Since the Paris Climate Agreement, the business community has also felt obliged to do more for a sustainable lifestyle and society. For European banks, this includes not only greater transparency in financial flows but also the targeted financing of companies and projects that make a significant contribution to climate protection. To achieve greater sustainability, banks are incorporating environmental, social and corporate governance criteria into their strategies, including financial investments. This means that when creating investment strategies, companies are primarily included in the portfolio that demonstrably act in an environmentally and socially responsible manner and also follow sustainable corporate governance. The companies are rated by an independent rating agency for this purpose. This valuation determines whether a company makes it into the investment portfolio or not. “It is our responsibility to ensure that sound sustainability criteria are applied when selecting securities,” explains Ennio Perna. “Therefore, the investment vehicles managed by BKB only include companies that have been rated at least “A”.”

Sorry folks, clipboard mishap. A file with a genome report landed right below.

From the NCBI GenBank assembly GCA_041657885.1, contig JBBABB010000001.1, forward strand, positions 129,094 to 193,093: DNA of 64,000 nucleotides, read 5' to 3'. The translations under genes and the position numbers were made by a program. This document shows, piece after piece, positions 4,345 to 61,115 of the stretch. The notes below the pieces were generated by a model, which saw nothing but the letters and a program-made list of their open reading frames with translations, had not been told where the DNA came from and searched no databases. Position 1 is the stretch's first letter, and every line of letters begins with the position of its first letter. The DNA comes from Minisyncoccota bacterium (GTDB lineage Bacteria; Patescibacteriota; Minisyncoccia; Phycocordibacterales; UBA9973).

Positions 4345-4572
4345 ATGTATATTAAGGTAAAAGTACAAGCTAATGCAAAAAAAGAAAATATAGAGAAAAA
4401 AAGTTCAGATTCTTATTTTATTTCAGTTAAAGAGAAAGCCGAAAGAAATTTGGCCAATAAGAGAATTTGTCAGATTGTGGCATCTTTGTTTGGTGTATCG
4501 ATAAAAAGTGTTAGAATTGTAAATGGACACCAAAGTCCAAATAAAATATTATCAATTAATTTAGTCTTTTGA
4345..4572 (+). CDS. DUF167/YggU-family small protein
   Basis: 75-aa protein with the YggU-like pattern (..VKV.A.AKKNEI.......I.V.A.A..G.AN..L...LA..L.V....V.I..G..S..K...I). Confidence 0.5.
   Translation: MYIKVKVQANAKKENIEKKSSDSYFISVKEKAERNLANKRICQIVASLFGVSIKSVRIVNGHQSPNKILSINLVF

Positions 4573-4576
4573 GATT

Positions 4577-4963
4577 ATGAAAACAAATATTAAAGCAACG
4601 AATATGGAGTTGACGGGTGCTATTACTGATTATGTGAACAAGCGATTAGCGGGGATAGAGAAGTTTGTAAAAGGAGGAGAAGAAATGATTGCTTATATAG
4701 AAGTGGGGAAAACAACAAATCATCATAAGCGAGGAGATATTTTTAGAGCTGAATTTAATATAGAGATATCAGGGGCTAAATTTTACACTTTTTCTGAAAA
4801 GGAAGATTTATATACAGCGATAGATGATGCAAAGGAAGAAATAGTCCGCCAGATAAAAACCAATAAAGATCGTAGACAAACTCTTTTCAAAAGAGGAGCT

The withdrawal of all major banks from the planned oil production projects in the Arctic National Wildlife Refuge shows that financial institutions have it in their hands whether companies and businesses seriously address the issue of “sustainability” or not. Image: Unknown Source – Wikipedia (left) / Jleon – Wikipedia CC BY-SA 3.0 (right)

Of course, the economic performance of the company also plays a key role in creating sustainable portfolios. In this respect, studies have shown that the returns of sustainable investment solutions are now as good as or even better than conventional portfolios. In terms of costs, too, explains Ennio Perna, sustainable investments are on the same level. As the trend among investors is now towards sustainable investments, BKB has set its three investment strategies as standard since 2019. Because the financial specialists at BKB are convinced that sustainable investments are a trend that will soon become the norm. Finally, companies that do not produce and act in an ecologically and socially just manner will come under increasing pressure. This can be seen, for example, in the USA with the planned oil extraction projects in the Arctic National Wildlife Refuge. Here, all the major banks have withdrawn and refused financing. Extraction companies were therefore forced to put to test their projects and also their sustainability strategies. In this way, a bank can also make its contribution to protecting not only people but also nature and the climate, including in the polar regions. Because: We really only have one climate.

Dr Michael Wenger, PolarJournal